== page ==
Smartphone industry sales set to recover in 2020 after three years of decline

New 5G-enabled handsets and demand for foldable models will help boost growth

epa08046878 An exhibitor displays the prototype of a 5G smartphone developed by Sharp Corp, owned by Taiwan's Hon Hai Group, at the Future Tech exhibition in Taipei, Taiwan, 05 December 2019. The Sharp 5G cellphone will be launched in Japan in the first half of 2020 and sold in Taiwan in the latter half of 2020.  EPA/DAVID CHANG
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The smartphone industry will bounce back in 2020 after three consecutive years of declining sales, as new affordable fifth-generation (5G) handsets and the rising popularity of foldable phones boost the number of units sold, analysts say.

The global smartphone market, which is forecast to drop 1.4 per cent year-on-year in 2019, will grow almost 1.5 per cent next year with shipment volumes a little more than 1.4 billion, according to a projection by the International Data Corporation.

The US research company expects 190 million 5G smartphones shipments in 2020 – almost 14 per cent of total volumes, which significantly surpasses the first year of 4G shipments (2010) at 1.3 per cent.

“Both 5G and foldable devices are likely to remain nice-to-haves in 2020. As 5G deployments emerge towards the latter stages of next year. Foldable technology overcomes ongoing challenges around design, flexibility and battery life,” said Matthew Kendall, chief telecoms analyst at The Economist Intelligence Unit.

Samsung launched its first foldable phone – Galaxy Fold – in February this year. The world's largest phone maker spent nearly eight years developing the device, but had to postpone its global release until September after reviewers reported screen problems within days of use.

Following Samsung’s footsteps, Huawei also announced its first foldable phone, –Mate X – at the Mobile World Congress in February. Both devices are priced at more than Dh6,600.

"Once it [foldable phones] becomes slightly more accessible to the average consumer in terms of prices, it will drive the next boom in the smartphone market – globally and regionally," Nabila Popal, senior research manager for IDC's devices group for the Middle East, Africa and Turkey, told The National.

Foldable phones will offer an "undeniable major advantage and advancement from previous devices, to convince consumers to upgrade", she added.

The smartphone industry remained sluggish this year due to a slowdown in developed markets sales marked by a “longer [phone] replacement cycle, increasing sales of refurbished devices, lack of 5G iPhones and the US trade ban on Huawei”, Counterpoint research company in Hong Kong said in one of its latest reports.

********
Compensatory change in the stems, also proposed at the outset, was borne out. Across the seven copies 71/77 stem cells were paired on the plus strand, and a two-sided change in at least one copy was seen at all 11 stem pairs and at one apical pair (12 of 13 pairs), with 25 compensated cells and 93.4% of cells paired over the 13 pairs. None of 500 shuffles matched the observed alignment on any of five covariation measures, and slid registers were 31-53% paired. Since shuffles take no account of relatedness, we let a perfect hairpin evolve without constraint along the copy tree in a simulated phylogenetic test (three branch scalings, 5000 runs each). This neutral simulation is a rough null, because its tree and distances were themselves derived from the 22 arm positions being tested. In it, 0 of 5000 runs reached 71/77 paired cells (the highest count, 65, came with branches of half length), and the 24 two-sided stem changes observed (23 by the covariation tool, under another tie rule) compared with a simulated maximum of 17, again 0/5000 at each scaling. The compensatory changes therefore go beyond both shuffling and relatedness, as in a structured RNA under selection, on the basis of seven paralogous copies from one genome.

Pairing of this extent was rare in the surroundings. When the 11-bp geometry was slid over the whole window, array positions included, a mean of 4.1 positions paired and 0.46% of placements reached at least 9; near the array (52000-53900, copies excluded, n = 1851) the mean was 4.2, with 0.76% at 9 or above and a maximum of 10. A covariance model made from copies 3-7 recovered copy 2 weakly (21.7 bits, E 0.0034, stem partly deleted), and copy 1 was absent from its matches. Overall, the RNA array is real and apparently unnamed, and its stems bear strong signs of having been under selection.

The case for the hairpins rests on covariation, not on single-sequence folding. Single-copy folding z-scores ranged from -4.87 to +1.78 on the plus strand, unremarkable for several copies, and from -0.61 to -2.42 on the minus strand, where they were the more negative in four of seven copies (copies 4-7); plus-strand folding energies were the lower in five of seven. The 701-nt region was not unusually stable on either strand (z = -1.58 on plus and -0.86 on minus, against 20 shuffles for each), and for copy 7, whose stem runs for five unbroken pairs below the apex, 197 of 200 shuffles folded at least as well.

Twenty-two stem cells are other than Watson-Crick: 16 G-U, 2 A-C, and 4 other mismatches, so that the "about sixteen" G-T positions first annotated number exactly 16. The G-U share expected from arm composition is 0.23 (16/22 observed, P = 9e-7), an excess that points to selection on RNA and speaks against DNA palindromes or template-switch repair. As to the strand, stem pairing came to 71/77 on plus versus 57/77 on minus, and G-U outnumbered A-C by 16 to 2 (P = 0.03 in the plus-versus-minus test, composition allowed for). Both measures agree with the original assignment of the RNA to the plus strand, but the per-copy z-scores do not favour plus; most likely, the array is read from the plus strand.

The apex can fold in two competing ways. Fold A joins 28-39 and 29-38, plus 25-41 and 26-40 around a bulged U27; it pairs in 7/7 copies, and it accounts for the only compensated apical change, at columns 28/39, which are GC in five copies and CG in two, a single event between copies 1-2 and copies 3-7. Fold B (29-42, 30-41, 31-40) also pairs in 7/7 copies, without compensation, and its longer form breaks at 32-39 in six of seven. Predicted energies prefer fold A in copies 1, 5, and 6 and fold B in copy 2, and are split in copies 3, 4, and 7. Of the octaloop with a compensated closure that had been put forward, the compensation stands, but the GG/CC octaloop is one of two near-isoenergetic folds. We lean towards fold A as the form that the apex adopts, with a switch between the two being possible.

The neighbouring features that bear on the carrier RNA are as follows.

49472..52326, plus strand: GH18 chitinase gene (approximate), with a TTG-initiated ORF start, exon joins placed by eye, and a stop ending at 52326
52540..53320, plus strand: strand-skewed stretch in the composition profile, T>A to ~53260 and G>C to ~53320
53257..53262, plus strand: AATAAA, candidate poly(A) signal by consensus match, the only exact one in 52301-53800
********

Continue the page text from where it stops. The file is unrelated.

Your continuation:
However, bucking the global trend of market contraction, smartphone industry in GCC countries grew 16 per cent year-on-year in 2019, after a few years of sales contraction – 2017 and 2018 saw declines of 8.9 per cent and 11.9 per cent, respectively, according to IDC.

“We expect this trajectory of growth to continue in the GCC next year … but with a slower and more stable yearly growth rate of 4.1 per cent,” said Ms Popal.

US research company Gartner is more optimistic about smartphone market growth in 2020 than its counterparts. It projected an increase in global shipments of about 3 per cent next year.

"Driven by the availability of more 5G networks and supporting devices, we predict a good chance of recovery in 2020," Annette Zimmermann, research vice president at Gartner, told The National.

“There is not one thing that is really standing out at this moment. Consumers will keep looking for a combination of killer features and apps before upgrading to a new device.”

Ms Zimmermann forecast growth of close to 6 per cent in the Middle East and North Africa next year, followed by a 5 per cent growth in China – one of the biggest smartphone markets globally.

Western Europe will grow only marginally at about 1 per cent, she added.

Industry analysts say manufacturers and vendors need to be more innovative to attract new customers.

"There are around two billion people who still use feature phones globally. Even if 10 per cent of them upgrade to a smartphone next year, there will be close to 200 million new users … quite a significant number," said Tarun Pathak, associate director with Counterpoint.

Feature phones allow basic services such as WhatsApp messaging but lack the advanced functionalities of a smartphone.

“We also expect 5G-enabled phones from Apple in the last quarter of next year and that would certainly propel a huge number of existing iPhone users towards new 5G devices,” sad Mr Pathak.

“We have already seen the launch of a $300 5G phone … more economical devices will boost the overall smartphone market.”

Global smartphone shipments grew 3 per cent in the third quarter, according to US market researcher Strategy Analytics. This was the first quarter of positive growth in the past two years.

Samsung increased shipments of its smartphones in the period by 8 per cent a year and stayed on top with a 21.3 per cent market share. It was followed by Huawei with an 18.2 per cent share and Apple with 12.4 per cent.

The smartphone industry might be facing a saturation point in terms of features, but next year's devices are likely to empower more users to unlock faster connectivity as they become increasingly 5G-enabled, said Saleem Al Blooshi, chief technology officer at Emirates Integrated Telecommunications Company, also known as du.

“In 2019, we saw a surge in customer anticipation for more 5G-enabled devices,” said Mr Al Blooshi, adding that EITC is working closely with device partners “to ensure more people across the UAE can enjoy new capabilities via 5G in the coming years”.